4 ounces (by weight) Whole Almonds, Pulsed to coarse grind in food processor

1 Tablespoon Brandy
1/2 tsp Natural Almond Extract
A couple drops Orange Flower Water

Method:
Dissolve sugar in water over low flame. Add almonds and bring up to 140 degrees. Hold it at 140 degrees for 15 minutes. Remove from heat, cool and refrigerate over night. Filter almonds out of syrup, squeezing to remove as much liquid as possible. Add Brandy, Almond Extract, and Orange Flower Water. Bottle in a clean sanitized bottle and refrigerate. Makes a bit less than 750ml.

Notes: I did not blanch and remove the skins from the almonds this time. Some “friends” had suggested blanching was an unnecessary step, as they detected no tannic or bitter character from. the skins. Well, this is true, there is no detectable tannic or bitter character from the skins, however there is a lot of pigment. Unless it is cool with you that your orgeat is the color of porter and the drinks made with it look like dishwater, I would recommend blanching.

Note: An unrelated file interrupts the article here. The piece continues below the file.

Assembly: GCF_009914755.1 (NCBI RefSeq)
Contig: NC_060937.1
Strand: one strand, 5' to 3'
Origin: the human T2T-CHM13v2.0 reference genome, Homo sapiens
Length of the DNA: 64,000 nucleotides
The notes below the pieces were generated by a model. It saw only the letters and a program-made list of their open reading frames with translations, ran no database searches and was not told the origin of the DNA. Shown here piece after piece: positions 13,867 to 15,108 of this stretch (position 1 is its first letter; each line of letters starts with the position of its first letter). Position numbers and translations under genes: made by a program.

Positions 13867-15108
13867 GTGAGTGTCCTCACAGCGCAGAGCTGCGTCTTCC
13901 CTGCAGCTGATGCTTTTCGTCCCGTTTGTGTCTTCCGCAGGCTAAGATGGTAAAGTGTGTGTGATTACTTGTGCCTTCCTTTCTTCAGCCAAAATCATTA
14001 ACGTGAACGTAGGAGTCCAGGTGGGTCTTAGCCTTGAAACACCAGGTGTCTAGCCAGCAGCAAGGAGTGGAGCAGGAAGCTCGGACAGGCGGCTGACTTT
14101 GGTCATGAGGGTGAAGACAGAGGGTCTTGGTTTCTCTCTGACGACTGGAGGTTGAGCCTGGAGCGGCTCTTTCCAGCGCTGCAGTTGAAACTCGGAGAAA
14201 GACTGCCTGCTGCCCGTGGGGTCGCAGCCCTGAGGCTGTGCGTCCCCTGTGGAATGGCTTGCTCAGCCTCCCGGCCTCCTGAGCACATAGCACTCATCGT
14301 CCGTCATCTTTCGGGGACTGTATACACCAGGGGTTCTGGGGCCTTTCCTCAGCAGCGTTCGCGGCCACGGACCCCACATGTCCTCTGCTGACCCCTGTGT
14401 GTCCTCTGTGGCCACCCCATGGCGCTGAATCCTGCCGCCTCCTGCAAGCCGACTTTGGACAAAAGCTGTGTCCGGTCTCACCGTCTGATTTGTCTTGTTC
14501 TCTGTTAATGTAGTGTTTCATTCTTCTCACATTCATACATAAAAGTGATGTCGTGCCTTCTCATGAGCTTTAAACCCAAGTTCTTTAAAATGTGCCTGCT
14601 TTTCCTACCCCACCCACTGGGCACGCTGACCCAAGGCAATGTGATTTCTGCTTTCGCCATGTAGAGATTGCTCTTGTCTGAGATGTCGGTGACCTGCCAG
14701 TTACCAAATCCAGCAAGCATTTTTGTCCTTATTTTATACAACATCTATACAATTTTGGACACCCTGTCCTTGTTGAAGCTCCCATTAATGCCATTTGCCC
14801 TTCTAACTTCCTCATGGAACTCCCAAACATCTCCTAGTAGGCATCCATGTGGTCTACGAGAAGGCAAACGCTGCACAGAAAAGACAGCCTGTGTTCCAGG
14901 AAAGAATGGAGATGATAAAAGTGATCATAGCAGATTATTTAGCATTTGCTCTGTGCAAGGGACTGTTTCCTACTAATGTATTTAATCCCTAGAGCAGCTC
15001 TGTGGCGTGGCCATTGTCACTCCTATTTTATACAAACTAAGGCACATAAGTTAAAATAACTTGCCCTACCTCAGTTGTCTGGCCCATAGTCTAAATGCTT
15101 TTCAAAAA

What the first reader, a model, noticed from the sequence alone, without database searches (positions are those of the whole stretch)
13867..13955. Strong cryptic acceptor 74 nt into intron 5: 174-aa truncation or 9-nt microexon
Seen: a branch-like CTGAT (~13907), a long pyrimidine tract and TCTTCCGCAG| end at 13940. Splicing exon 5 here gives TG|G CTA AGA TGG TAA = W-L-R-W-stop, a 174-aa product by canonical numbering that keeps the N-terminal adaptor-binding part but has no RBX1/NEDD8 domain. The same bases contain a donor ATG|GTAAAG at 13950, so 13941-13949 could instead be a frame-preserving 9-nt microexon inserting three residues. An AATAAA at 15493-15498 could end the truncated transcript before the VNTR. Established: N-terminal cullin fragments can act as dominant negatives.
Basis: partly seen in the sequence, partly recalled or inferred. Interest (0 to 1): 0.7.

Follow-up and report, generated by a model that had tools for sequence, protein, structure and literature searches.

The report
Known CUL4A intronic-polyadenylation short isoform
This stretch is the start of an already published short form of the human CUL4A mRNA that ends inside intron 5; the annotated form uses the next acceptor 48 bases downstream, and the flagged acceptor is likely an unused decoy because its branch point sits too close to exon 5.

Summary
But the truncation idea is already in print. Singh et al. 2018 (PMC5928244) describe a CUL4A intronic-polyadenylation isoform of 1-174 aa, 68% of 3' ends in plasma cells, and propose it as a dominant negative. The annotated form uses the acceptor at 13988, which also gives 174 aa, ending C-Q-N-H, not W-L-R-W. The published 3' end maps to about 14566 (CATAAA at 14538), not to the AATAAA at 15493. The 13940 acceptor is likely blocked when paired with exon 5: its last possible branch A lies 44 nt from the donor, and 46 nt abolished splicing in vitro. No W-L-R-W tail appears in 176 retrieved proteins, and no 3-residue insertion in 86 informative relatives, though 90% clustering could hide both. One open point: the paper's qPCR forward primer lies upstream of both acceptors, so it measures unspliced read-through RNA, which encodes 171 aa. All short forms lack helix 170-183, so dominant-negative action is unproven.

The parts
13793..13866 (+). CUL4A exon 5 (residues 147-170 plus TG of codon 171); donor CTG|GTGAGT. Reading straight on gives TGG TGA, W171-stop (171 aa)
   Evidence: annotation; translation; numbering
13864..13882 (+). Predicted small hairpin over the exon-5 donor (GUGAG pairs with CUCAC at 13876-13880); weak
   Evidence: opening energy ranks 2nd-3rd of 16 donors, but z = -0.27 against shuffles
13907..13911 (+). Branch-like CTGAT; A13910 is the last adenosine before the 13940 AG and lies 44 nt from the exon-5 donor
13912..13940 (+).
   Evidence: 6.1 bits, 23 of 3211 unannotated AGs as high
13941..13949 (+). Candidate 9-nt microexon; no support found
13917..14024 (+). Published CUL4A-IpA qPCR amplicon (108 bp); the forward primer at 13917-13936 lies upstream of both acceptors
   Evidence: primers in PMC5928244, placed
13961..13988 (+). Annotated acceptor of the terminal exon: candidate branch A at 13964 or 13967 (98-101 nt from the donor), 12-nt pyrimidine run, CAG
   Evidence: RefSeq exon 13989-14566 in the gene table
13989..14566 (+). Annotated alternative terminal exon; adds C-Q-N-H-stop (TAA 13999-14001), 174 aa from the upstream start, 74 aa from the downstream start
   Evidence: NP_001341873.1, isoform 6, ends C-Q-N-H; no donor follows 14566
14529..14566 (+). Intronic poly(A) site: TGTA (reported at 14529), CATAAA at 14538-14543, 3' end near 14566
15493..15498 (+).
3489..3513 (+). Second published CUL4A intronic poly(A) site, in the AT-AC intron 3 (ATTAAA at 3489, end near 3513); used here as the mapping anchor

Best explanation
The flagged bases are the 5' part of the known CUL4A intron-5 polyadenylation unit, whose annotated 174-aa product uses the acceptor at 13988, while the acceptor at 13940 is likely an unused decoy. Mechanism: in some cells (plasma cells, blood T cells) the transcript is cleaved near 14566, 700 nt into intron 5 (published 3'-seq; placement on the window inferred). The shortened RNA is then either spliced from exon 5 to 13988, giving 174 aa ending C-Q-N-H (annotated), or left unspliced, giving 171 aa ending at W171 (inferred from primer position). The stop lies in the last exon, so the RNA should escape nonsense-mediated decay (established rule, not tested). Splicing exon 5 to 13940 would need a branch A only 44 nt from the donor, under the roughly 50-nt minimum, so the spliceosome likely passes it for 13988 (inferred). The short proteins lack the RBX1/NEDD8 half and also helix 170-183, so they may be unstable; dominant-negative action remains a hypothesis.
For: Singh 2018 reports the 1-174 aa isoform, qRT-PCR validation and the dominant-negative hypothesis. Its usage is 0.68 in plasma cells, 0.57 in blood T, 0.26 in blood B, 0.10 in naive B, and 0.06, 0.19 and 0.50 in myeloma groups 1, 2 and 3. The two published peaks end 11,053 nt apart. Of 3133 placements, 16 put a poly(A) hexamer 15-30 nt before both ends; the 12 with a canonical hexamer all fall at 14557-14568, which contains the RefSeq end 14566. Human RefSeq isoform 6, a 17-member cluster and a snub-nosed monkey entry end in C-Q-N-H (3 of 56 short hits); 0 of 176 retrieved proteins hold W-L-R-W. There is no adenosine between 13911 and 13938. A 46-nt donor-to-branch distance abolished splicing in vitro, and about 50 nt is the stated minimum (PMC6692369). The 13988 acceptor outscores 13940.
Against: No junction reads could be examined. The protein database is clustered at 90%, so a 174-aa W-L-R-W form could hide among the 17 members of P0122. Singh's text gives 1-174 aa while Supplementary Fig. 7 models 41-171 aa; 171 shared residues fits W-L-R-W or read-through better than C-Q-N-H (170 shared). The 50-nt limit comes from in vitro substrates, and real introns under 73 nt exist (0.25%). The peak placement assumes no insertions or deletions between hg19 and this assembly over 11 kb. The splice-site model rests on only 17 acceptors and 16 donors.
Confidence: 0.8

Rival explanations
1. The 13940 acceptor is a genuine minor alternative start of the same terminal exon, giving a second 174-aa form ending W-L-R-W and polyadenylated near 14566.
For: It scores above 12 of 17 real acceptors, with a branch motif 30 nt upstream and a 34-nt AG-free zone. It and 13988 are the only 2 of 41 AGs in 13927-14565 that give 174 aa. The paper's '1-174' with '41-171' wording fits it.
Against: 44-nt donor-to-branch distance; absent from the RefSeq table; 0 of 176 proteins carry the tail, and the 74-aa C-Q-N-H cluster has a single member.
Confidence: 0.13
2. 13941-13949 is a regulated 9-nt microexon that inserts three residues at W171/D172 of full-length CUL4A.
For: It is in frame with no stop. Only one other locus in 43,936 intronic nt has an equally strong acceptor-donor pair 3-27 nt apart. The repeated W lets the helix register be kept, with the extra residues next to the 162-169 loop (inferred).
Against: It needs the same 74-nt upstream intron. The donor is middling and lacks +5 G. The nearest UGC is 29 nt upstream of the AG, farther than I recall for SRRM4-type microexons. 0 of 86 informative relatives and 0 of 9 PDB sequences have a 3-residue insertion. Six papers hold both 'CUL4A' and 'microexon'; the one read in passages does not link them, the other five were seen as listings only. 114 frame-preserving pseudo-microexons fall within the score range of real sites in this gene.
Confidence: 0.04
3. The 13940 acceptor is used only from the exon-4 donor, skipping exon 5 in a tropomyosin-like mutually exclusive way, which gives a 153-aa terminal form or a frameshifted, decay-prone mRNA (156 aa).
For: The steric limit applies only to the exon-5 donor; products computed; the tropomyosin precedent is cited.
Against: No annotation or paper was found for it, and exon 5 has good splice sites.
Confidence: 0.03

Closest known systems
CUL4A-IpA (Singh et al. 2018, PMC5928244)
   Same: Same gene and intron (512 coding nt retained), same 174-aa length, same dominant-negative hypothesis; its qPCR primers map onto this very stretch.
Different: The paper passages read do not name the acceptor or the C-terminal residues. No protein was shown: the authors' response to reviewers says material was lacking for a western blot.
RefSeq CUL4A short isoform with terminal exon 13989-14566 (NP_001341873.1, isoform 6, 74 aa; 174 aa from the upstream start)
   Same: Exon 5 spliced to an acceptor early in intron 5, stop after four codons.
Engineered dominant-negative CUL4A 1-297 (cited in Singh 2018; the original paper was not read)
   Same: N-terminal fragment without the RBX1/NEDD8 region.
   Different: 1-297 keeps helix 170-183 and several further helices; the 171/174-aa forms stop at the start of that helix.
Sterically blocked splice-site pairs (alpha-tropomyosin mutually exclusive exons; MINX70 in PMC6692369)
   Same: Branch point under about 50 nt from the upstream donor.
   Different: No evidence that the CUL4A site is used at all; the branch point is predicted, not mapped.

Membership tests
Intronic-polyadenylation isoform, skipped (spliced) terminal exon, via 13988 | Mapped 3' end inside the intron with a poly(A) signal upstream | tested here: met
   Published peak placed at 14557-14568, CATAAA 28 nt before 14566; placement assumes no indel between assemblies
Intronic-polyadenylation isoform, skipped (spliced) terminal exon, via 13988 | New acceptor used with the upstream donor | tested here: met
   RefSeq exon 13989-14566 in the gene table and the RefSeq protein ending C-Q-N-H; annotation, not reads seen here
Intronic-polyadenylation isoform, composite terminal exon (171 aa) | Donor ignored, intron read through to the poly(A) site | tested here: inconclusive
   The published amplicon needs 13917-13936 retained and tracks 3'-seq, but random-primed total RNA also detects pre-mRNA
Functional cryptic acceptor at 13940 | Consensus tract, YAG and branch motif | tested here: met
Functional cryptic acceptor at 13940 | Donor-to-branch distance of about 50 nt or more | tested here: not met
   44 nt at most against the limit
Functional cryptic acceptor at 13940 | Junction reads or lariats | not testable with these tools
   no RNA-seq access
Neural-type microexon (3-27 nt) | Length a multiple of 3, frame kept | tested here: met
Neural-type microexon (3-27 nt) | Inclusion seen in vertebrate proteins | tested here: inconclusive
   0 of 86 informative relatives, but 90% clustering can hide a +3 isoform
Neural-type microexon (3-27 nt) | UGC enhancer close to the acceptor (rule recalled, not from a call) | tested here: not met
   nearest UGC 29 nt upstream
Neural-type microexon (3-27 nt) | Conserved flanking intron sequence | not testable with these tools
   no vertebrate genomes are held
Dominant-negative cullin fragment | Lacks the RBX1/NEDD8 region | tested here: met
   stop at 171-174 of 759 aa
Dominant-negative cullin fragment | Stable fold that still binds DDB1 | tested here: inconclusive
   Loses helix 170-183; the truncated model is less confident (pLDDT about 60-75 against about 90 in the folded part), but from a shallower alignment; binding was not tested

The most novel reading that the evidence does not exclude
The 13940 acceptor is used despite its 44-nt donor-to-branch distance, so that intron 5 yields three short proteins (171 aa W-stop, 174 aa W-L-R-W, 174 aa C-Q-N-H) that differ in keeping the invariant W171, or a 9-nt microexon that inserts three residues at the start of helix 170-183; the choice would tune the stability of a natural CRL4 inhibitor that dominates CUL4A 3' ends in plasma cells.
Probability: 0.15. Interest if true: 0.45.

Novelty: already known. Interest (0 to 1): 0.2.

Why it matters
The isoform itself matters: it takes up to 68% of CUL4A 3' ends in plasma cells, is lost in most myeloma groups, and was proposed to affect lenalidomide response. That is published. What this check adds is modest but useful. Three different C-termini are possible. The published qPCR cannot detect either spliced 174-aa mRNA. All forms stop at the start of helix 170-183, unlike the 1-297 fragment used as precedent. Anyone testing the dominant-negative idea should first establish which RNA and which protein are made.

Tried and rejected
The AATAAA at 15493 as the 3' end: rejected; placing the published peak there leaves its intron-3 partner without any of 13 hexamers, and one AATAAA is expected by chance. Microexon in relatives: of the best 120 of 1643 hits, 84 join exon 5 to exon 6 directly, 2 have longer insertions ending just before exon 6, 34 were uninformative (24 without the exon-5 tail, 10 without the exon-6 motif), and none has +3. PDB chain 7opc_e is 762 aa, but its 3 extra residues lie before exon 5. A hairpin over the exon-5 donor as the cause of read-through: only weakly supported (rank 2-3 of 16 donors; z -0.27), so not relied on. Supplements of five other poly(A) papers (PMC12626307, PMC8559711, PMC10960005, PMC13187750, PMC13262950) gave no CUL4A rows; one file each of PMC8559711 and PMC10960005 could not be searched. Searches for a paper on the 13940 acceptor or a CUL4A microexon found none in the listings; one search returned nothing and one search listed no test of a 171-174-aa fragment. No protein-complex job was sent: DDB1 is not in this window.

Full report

A lot of people these days recommend roasting the almonds before using them to make your orgeat. I’m on the fence about that. It does give it a more intense flavor, but I think it covers up some of the floral and cherry notes of the pure almond flavor. However, I have yet to give it a try myself, maybe with the next batch.

Pantomime Cocktail

Pantomime Cocktail

Pantomime Cocktail.

1 Dash Orgeat Syrup. (1/3 tsp. Homemade)
1 Dash Grenadine. (1/3 tsp. Homemade)
The White of 1 Egg.
1 Liqueur Glass French Vermouth. (1 1/2 oz Noilly Original Dry)

Shake (without ice for 10 seconds.  Add ice, shake) well and strain into medium size glass.  (Garnish with drops of angostura bitters and grated nutmeg.)

Kind of odd to have egg white in a cocktail without lemon, but there you go.